Data: S&P Global Market Intelligence; Chart: Naema Ahmed/Axios

The absence of live sports is reigniting the years-long debate over the real value of live sports in a Pay-TV package.

Why it matters: New York State Attorney General Letitia has argued that consumers shouldn't have to pay the same amount for cable and satellite packages, which include expensive sports networks, when those sports networks aren't carrying any live sports.

Yes, but: Contractually, it's unlikely cable and satellite providers will budge.

  • In an interview with Axios' Jim VandeHei last week, Verizon CEO Hans Vestberg wouldn't say that he would provide any rebates to customers, and instead insisted that his company is committed to not charging late fees until June.
  • As Sports Business Journal's John Ourand reports, "legally speaking, distributors can’t start seeking rebates (from TV networks) until September 2021 at the earliest," due to contractual obligations. The sports networks, at least ESPN, have at least 12 months to air a certain number of live events, per Ourand.

The big picture: Analysts and reports have begun to call out the tension between the networks and carriers ahead of earnings season.

  • Last week, the New York Post reported that Dish, which is notoriously known for being a shrewd negotiator with networks over distribution fees, is looking to get out of the $80-$100 million distribution fee it owes ESPN for April broadcasting rights.

By the numbers: The average monthly cable or satellite package in the U.S. is roughly $100. Sports accounts for roughly 20% of that package fee.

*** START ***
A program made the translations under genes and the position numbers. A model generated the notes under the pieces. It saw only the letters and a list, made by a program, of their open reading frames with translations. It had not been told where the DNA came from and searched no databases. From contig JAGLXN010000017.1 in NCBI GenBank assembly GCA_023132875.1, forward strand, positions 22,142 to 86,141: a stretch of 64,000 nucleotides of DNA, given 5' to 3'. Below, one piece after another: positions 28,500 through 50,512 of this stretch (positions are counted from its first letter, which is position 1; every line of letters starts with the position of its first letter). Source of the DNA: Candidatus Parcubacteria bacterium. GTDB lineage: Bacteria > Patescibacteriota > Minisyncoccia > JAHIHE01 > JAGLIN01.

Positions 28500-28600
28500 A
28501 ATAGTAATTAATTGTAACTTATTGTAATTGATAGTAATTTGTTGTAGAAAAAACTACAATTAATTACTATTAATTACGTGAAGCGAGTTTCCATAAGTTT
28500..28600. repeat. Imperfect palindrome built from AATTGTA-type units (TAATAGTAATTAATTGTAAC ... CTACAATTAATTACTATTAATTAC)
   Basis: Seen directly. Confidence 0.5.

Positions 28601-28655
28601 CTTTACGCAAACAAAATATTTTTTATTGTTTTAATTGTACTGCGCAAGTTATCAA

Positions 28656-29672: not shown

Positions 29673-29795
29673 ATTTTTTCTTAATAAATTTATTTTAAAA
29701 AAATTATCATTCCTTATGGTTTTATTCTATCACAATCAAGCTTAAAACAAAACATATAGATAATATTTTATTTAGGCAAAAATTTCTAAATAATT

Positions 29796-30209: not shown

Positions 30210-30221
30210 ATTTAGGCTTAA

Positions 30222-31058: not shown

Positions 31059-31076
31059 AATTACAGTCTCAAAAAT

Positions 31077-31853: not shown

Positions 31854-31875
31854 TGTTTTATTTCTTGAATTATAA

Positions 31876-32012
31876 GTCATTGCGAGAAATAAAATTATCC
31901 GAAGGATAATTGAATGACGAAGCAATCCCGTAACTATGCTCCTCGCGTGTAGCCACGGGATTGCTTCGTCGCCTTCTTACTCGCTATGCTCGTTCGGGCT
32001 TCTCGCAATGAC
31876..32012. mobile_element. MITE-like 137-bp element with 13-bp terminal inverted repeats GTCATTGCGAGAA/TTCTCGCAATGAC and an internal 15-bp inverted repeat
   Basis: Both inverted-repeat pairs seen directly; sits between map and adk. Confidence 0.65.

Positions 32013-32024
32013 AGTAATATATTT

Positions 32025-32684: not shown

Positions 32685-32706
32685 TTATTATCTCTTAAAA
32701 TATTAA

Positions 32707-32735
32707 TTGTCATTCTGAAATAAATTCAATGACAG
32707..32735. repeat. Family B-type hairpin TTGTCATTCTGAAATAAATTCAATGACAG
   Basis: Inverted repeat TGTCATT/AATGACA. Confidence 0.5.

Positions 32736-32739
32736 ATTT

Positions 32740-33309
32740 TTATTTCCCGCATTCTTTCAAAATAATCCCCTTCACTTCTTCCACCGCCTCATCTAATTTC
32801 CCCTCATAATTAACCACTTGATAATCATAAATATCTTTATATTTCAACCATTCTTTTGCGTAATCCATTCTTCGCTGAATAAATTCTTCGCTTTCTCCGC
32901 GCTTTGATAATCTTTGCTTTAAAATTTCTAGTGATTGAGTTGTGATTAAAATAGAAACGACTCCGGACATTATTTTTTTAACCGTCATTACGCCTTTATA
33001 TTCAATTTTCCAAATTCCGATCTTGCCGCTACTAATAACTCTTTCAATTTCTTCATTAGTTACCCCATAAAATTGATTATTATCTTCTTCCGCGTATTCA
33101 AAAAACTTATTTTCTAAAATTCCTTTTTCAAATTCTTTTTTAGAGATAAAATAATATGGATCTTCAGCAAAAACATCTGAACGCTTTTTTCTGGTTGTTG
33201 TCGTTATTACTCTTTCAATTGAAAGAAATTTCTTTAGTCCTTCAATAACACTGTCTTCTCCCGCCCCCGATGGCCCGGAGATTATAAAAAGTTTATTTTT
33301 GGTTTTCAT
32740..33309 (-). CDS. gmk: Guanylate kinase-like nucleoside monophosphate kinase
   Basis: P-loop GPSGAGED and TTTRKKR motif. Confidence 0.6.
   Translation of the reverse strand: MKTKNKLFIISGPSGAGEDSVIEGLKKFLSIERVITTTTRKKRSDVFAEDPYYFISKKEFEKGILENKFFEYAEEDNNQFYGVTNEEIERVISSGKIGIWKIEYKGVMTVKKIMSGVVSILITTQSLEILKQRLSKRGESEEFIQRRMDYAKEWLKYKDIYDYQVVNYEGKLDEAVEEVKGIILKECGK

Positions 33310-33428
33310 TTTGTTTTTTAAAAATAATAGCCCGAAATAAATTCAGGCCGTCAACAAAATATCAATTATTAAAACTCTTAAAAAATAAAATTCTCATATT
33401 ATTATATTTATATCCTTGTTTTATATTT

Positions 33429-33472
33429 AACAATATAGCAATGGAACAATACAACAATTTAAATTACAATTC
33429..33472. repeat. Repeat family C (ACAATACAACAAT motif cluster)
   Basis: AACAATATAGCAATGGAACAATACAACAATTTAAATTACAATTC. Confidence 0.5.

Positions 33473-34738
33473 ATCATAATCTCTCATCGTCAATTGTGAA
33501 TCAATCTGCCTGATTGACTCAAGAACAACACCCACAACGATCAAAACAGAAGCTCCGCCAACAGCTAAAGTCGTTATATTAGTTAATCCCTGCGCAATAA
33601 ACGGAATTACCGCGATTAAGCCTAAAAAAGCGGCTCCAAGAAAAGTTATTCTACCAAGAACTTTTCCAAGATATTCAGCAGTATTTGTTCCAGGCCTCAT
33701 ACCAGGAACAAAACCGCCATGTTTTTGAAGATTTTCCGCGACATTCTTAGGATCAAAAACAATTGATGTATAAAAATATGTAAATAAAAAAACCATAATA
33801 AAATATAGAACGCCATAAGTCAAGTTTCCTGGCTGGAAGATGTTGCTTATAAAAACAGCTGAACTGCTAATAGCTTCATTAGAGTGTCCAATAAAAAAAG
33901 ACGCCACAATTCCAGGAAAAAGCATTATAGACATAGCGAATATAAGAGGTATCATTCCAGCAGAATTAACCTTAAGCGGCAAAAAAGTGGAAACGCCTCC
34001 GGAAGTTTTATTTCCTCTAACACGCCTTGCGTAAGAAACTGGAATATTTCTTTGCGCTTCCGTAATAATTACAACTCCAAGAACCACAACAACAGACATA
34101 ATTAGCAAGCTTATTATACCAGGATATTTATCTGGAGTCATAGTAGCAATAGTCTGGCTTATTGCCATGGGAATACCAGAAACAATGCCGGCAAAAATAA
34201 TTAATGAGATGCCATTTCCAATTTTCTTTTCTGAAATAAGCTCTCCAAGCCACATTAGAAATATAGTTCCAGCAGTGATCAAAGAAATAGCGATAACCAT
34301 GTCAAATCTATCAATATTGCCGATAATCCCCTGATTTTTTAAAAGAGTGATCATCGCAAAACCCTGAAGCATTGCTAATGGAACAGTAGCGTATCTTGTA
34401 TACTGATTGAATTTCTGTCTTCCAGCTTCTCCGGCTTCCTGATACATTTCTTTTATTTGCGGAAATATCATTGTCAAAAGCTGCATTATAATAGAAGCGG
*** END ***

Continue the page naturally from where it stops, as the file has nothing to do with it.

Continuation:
• The top 10 most expensive cable affiliate fees in the U.S. are all sports channels — mostly regional sports networks — with ESPN being by far the most expensive at roughly $8 monthly.

Go deeper: Coronavirus' potential second wave looms large over the sports world

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Updated 18 hours ago - Sports

PAC-12 and Big Ten postpone fall sports due to coronavirus

Photo: Joe Robbins/Getty Images

The Big Ten and Pac-12 announced Tuesday that they've voted to postpone their 2020 fall sports seasons, including football, due to risks posed by the coronavirus pandemic, hoping instead to play in the spring.

Why it matters: The move from two of the most prominent conferences in college sports will almost certainly prompt other Power Five leagues to follow suit.

5 hours ago - Podcasts

The Biden-Harris chemistry test

Last night, Joe Biden made the most important decision in his campaign with a historic pick of Sen. Kamala Harris as his vice-presidential candidate.

But it’s the next 48 hours that are truly crucial for the campaign to prove they have the chemistry to win the presidency.

  • Plus, how the coronavirus has pulled the plug on college sports.
  • And, where to look for the best meteor shower of the year.

Guests: Axios' Hans Nichols and Jeff Tracy

Credits: "Axios Today" is produced in partnership with Pushkin Industries. The team includes Niala Boodhoo, Sara Kehaulani Goo, Carol Alderman, Cara Shillenn, Nuria Marquez Martinez, Naomi Shavin and Alex Sugiura. Music is composed by Evan Viola. You can reach us at

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Updated 4 mins ago - Politics & Policy

Coronavirus dashboard

Illustration: Annelise Capossela/Axios

  1. Global: Total confirmed cases as of 10:30 a.m. ET: 20,388,408 — Total deaths: 743,599— Total recoveries: 12,616,973Map.
  2. U.S.: Total confirmed cases as of 10:30 a.m. ET: 5,150,590 — Total deaths: 164,681 — Total recoveries: 1,714,960 — Total tests: 63,252,257Map.
  3. Business: U.S. already feeling effects of ending unemployment benefits — U.S. producer prices rose last month by the most since October 2018.
  4. Public health: America is flying blind on its coronavirus response.